The intriguing effect of delay time to sentinel lymph node biopsy on survival: a propensity score matching study on a cohort of melanoma patients
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Time between primary melanoma excision and sentinel lymph node biopsy (SLNB) has not been sufficiently studied as an independent predictor of survival in cutaneous melanoma.
We used propensity score matching to evaluate whether early SLNB (performed ≤40 days from excisional biopsy) is associated with higher mortality in patients with cutaneous melanoma.
Materials & methods
A retrospective cohort study at a tertiary melanoma referral centre. We included 787 consecutive patients from the melanoma database of the Instituto Valenciano de Oncología who underwent a SLNB between 1st January 2000 and 31st December 2015, of whom 350 were matched into pairs using propensity score matching. The variable of interest was the time between primary melanoma excision and SLNB (≤40 days vs >40 days). The study outcomes were disease-free survival (DFS), melanomaspecific survival (MSS), and overall survival (OS).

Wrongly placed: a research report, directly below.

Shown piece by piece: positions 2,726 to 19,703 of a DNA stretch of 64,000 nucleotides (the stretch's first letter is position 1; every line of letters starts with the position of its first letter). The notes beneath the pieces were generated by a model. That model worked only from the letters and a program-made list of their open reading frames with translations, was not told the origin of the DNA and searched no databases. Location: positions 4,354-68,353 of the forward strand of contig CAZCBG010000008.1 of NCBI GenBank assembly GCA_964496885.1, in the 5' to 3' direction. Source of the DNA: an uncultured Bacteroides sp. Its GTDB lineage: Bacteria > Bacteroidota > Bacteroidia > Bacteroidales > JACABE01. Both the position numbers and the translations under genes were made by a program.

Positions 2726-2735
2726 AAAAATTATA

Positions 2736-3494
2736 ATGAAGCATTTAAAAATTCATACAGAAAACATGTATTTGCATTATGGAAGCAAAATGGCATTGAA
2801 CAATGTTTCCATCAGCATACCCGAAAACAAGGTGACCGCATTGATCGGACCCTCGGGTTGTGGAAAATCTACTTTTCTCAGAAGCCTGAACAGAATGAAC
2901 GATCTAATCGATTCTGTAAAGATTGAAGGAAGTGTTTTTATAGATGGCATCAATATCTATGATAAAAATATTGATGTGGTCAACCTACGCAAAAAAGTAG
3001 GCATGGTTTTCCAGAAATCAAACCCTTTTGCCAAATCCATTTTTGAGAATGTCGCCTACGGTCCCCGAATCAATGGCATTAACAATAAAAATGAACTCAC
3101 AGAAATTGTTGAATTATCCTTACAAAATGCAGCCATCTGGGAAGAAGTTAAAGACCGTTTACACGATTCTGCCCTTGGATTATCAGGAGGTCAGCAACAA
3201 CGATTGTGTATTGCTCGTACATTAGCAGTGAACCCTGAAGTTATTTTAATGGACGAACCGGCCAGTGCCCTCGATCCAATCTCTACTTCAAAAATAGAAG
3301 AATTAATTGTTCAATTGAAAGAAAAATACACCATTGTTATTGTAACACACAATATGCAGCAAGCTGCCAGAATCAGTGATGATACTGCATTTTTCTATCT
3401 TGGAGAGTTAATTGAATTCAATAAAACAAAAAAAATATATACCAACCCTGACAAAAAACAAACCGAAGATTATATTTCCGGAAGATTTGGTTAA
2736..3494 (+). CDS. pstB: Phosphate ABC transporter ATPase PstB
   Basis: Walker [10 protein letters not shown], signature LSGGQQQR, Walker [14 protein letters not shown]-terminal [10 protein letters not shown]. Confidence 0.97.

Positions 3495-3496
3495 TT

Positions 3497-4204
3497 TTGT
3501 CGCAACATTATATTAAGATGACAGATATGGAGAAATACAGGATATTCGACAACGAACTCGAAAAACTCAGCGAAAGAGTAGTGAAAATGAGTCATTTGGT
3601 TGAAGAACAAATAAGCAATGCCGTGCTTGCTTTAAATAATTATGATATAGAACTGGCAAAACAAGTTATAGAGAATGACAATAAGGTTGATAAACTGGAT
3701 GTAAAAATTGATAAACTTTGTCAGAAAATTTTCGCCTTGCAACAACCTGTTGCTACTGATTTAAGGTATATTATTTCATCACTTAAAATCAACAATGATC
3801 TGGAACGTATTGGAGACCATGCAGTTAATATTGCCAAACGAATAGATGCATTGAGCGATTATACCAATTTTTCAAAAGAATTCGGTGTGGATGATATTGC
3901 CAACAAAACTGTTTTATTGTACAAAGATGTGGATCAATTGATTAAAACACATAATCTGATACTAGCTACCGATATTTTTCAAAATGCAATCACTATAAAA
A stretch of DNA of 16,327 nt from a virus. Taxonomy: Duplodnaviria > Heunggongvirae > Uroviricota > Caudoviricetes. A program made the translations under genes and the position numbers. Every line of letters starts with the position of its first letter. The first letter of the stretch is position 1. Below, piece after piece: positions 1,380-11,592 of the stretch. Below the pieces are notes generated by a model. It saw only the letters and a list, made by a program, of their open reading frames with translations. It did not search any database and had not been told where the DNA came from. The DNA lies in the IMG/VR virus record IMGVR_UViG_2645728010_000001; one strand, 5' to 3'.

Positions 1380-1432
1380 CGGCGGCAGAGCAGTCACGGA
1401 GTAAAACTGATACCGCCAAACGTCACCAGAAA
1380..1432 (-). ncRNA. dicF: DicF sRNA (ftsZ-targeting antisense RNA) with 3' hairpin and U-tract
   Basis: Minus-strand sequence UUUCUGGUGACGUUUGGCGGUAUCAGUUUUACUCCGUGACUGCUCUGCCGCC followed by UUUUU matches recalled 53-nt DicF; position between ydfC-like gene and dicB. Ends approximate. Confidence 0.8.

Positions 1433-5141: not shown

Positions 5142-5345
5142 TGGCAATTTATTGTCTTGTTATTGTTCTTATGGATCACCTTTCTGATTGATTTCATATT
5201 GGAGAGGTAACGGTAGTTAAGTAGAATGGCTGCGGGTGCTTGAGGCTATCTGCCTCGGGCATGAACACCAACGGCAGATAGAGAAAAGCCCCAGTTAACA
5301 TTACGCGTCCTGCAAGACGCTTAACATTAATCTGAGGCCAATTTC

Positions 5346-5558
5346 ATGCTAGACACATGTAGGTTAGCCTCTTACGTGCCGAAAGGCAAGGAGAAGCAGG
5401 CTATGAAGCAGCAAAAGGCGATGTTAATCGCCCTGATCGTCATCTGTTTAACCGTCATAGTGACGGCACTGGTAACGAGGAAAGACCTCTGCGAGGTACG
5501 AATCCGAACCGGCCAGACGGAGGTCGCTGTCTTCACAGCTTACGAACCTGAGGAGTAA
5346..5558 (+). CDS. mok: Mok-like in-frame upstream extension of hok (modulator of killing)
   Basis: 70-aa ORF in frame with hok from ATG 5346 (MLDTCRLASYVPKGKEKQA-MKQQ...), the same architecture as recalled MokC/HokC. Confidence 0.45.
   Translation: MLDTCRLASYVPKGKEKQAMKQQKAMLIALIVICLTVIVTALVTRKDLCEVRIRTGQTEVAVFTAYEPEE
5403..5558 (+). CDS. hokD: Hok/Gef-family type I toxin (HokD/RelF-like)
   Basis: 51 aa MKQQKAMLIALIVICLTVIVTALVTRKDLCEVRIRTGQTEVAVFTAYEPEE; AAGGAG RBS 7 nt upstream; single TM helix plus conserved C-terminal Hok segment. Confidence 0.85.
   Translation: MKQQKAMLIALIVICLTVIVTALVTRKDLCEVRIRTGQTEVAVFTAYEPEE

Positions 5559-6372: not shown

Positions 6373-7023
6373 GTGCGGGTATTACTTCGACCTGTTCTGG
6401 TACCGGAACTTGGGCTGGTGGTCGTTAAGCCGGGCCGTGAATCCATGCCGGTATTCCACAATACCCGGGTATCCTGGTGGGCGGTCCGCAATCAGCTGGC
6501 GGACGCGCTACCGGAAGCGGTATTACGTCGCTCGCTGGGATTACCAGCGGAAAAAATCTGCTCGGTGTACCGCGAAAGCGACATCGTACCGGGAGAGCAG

A delay time of 40 days or less was associated with worse DSF (adjusted hazard ratio [AHR]: 1.68; 95% confidence interval [CI]: 1.07-2.65; p = 0.024), MSS (AHR: 2.06; 95% CI: 1.1-3.53; p = 0.08), and OS (AHR: 1.77; 95% CI: 1.11-2.83; p = 0.017). Other variables associated with shorter MSS were age, tumour location and thickness, mitotic rate, and SLN status.
Early SLNB was associated with worse survival in patients with cutaneous melanoma after adjusting for classic prognostic factors. A delay time of over 40 days was not associated with higher mortality.
Key wordsmelanoma sentinel lymph node biopsy prognosis waiting list survival propensity score
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